The MPAA just filed a lawsuit alleging that a resident of Rome made illegal copies of, and also uploaded – three movies to the internet using an “online media distribution system”, probably BitTorrent.
According to the report, no address was given for Mr James Wilson – the man accused by the MPAA of ‘willful and intentional’ copyright infringement. According to them, he made unauthorized copies of just three movies – ‘Hide and Seek’, ‘House of Wax’ and ‘Robots’ and uploaded them to the internet.
According to the lawsuit, the Plaintiffs (Warner Brothers and Twentieth Century Fox), “bring this action to stop defendant from copying and distributing to others over the Internet unauthorized copies of the Plaintiff’s copyright motion pictures”
Noting that there was no financial motivation to the infringement it continues: “Defendant’s infringements allow Defendant and others to unlawfully obtain and distribute for free unauthorized copyright works that the plaintiffs spend millions of dollars to create and/or distribute”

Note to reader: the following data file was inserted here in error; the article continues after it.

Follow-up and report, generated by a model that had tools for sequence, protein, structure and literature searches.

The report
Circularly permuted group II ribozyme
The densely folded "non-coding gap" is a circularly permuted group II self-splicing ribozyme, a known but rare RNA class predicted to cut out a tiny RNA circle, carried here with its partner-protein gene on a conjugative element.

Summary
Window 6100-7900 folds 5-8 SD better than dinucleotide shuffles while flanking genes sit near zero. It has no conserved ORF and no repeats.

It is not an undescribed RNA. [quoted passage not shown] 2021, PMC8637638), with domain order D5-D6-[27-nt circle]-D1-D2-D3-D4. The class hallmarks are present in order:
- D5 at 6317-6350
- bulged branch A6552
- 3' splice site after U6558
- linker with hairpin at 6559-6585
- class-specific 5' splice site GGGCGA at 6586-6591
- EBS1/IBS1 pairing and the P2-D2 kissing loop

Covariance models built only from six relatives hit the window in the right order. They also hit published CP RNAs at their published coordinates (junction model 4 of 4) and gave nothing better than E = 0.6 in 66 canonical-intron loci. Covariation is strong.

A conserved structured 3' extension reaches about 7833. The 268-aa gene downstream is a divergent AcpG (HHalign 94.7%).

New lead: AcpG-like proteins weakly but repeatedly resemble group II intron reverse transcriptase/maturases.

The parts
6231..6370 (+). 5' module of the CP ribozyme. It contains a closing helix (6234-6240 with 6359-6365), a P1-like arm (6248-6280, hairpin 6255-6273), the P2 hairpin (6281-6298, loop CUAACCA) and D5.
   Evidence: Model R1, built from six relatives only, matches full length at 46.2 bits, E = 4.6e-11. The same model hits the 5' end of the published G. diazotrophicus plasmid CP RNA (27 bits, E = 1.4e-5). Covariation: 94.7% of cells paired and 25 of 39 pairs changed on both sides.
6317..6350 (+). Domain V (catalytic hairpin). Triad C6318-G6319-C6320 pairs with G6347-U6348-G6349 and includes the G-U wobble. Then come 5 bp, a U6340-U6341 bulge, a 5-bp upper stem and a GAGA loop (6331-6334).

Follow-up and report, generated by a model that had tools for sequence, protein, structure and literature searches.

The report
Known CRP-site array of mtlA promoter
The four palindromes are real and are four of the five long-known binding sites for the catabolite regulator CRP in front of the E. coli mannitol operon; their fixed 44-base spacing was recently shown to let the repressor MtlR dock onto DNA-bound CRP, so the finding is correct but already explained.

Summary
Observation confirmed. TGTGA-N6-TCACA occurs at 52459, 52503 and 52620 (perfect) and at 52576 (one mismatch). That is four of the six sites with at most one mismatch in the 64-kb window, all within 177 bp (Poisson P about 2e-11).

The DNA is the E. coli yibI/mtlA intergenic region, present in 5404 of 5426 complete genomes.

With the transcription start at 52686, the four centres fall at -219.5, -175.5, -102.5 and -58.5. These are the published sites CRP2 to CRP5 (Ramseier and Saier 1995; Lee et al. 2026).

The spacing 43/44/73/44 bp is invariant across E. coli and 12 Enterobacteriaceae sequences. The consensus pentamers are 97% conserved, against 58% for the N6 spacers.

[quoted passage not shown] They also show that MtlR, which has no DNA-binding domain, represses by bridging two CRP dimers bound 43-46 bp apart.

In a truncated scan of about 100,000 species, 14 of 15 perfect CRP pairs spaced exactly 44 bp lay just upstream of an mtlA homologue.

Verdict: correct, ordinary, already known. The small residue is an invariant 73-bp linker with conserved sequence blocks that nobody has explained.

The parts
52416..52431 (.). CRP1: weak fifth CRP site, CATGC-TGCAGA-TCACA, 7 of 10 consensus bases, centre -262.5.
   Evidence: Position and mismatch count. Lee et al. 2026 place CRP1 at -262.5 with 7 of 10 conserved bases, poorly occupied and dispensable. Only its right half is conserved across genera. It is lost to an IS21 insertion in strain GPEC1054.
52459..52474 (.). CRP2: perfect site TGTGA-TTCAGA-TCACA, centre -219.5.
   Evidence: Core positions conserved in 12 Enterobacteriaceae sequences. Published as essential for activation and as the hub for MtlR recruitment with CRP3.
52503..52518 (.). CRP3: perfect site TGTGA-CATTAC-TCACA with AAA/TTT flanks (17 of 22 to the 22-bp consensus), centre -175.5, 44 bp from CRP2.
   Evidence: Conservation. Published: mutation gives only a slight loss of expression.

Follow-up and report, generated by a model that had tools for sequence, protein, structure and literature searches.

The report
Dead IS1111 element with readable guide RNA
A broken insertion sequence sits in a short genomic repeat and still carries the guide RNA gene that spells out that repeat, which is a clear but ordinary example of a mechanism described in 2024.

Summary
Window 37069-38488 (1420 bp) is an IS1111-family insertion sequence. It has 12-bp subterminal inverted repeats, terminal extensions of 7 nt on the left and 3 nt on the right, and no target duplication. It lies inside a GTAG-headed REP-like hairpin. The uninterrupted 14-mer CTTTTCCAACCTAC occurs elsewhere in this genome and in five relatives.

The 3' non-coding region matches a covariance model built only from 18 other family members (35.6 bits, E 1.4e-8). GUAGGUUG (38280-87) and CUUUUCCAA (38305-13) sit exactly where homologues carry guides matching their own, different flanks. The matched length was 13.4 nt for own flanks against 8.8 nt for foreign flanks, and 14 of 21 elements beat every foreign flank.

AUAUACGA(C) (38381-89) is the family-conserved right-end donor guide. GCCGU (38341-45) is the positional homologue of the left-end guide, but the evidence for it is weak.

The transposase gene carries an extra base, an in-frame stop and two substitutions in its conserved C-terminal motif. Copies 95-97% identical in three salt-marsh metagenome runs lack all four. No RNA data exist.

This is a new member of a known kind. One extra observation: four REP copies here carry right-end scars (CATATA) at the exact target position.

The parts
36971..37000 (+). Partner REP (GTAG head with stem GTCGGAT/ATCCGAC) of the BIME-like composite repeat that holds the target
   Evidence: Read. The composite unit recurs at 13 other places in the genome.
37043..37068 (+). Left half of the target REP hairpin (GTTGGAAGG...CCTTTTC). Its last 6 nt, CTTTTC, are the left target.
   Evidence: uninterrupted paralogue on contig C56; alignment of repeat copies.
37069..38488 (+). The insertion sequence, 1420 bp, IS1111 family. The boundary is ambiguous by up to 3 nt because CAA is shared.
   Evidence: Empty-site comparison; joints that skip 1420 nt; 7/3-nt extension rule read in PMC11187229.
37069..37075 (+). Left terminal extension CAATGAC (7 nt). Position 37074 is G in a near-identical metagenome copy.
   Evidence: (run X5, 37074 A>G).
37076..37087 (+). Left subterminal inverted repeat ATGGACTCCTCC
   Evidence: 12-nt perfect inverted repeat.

The MPAA knows a thing or two about drama, it’s their business after all, so when assessing the trouble Mr Wilson had caused them by sharing 3 movies, they told it straight: “Defendant’s conduct is causing, and unless enjoined and restrained by this Court will continue to cause, the Plaintiffs great and irreparable injury that cannot be compensated or measured in money”
Of course, that doesn’t stop the MPAA trying to measure the costs: aside from demanding that any copies of the movies are destroyed (3 DVDRs I guess) they want substantial damages and costs for bringing the legal action.
Incidentally, the movie ‘House of Wax’ was also listed in the 2005 MPAA press release(.pdf) proclaiming the demise of EliteTorrents- so when the MPAA talks about ‘injury that cannot be compensated or measured in money’ I wonder if they’re thinking of how the last 6 months have been for Scott McCausland, sitting in prison.
And he shared just one movie.